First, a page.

Additionally, the reason I still have a Facebook account is expressly so I can share photos of my kids with these people. Because I know my goal, I don’t have any qualms about posting happy pictures of my kids there – and like you mentioned, Jess, as they get older, I share less of the funny/cute/potentially embarrassing stories. Some people might think I’m sugarcoating my life, but instead, I am catering to my target audience. I’ve also reduced the list of people I’m connected to there because I’m not looking it as a network (where I would want it to be as large as possible), but a photo-sharing site (photos I want a relatively small group of people I actually currently know to see).

    (Ok, lots of parenthetical statements here, but I do think that reducing my friend list was emotionally beneficial – I have a finite emotional reserve like any human. It may sound hard-hearted to say that I don’t have time for everyone’s news, problems, joys, etc., but another way of thinking about it is choosing to intentionally focus on what God has obviously put on my plate, rather than on someone I knew slightly fifteen years ago.)

    I tend not to “process” on Facebook. Besides what I said about mainly using it to share kid pictures, the diversity of viewpoints in the people I am still connected to that way means that it is not particularly helpful for me to get usable feedback. If I’m trying to sort something out, I’ll reach out to a friend – sometimes online – but someone I know shares my worldview and will encourage me with what the Bible says. Furthermore, because many of the people I know and dearly love have fundamentally different worldviews, personal conversation would need to accompany many of the links I’m inclined to share or statements I would make to prevent unnecessary hurt. Since that doesn’t happen (well) via Facebook, I opt not to share.

    After saying ALL of this, my summary is that while I am honest in what I say online, I really don’t worry about how complete a picture any random person has based on what I share. Right now, all of the relational priorities happen to be people I know in real life, who know me beyond what I share online, and my goal is to glorify God in those relationships. (I do love getting to read/think about/discuss topics in places like this too! It just doesn’t get top billing in the time budgeting.) If, down the road, I resurrect the blog or somehow have a different online presence, I would have more to think through as far as priorities go – but for now, things are relatively simple.

    I do understand your balancing act, though, and appreciate your approach – I think that erring on the side of caution in what and when to share online is wise. It is better to protect and serve the people we DO know in real life, out of reverence for Christ, than to have a potentially damaging tell-all online in order to help readers feel connected.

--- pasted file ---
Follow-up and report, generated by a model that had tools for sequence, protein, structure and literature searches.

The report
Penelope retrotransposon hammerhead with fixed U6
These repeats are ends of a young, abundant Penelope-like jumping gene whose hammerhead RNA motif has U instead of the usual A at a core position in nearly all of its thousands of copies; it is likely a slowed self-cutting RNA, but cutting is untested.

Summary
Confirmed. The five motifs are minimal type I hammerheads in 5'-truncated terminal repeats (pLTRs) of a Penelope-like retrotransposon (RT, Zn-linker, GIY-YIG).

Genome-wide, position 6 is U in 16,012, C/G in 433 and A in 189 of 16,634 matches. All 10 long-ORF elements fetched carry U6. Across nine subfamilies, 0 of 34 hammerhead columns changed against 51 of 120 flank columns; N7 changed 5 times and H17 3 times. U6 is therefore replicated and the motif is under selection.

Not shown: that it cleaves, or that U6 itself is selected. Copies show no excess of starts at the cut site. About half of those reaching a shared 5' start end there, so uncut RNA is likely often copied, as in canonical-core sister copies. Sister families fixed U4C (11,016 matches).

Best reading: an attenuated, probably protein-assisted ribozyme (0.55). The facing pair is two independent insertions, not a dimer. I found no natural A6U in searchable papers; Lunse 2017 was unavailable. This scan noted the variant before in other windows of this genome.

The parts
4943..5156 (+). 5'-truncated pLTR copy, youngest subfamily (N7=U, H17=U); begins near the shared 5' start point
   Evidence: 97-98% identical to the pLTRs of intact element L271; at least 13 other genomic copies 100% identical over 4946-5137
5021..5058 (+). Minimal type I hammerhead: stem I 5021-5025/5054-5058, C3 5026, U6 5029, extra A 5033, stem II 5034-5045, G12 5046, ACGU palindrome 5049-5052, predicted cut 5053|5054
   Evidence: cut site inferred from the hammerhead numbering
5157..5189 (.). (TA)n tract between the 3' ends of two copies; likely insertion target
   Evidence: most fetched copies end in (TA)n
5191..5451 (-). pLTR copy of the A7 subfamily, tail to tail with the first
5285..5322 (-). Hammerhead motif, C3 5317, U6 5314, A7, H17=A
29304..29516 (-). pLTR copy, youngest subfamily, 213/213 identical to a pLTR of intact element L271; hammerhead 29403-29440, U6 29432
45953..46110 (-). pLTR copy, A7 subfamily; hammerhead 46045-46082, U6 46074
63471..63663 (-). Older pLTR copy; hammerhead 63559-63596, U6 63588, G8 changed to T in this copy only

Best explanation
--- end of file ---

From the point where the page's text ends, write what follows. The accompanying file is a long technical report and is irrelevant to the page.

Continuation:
6. Miranda says:

    This post was great, I agree with so much you said. I have no idea if the survey person was me but I did share something similar on your survey that year :) I really think you have gotten to a good place on the blog with this balance your talking about though and the “in the thick of it” encouragement I missed has come back as you’ve written more. I agree though, there’s no comparison between online vs real, flesh and blood relationships God gives us to shape and grow us. I also continue to think about how finite the internet is with knowing and caring for people as whole persons. I find the most introverted people are the most active online…I do think there’s a connection with relational vulnerability and the way social media works against how much we need face to face relationships with sisters in Christ. But they are work! Yet yield such blessing. I am thankful your blog is a place where I know I am going to get to the point encouragement to think well about marriage, parenting and walking with God …but I am also glad those encouragements are framed around a real life! That you are there where you are, in your city, your street, with your life showing us some nuggets your gleaning through this writing set around some elements of your life is inspiring to my walk.

  1. July 11, 2015

    […] Navigating the Challenges of Real Life Online. “If you share everything, you’re an exhibitionist. If you share nothing, you’re closed-off and unapproachable. If you share too many good things, you’re fake. If you share too many bad things, you’re a whiner.” Jenn discusses some principles and guidelines for finding balance here. […]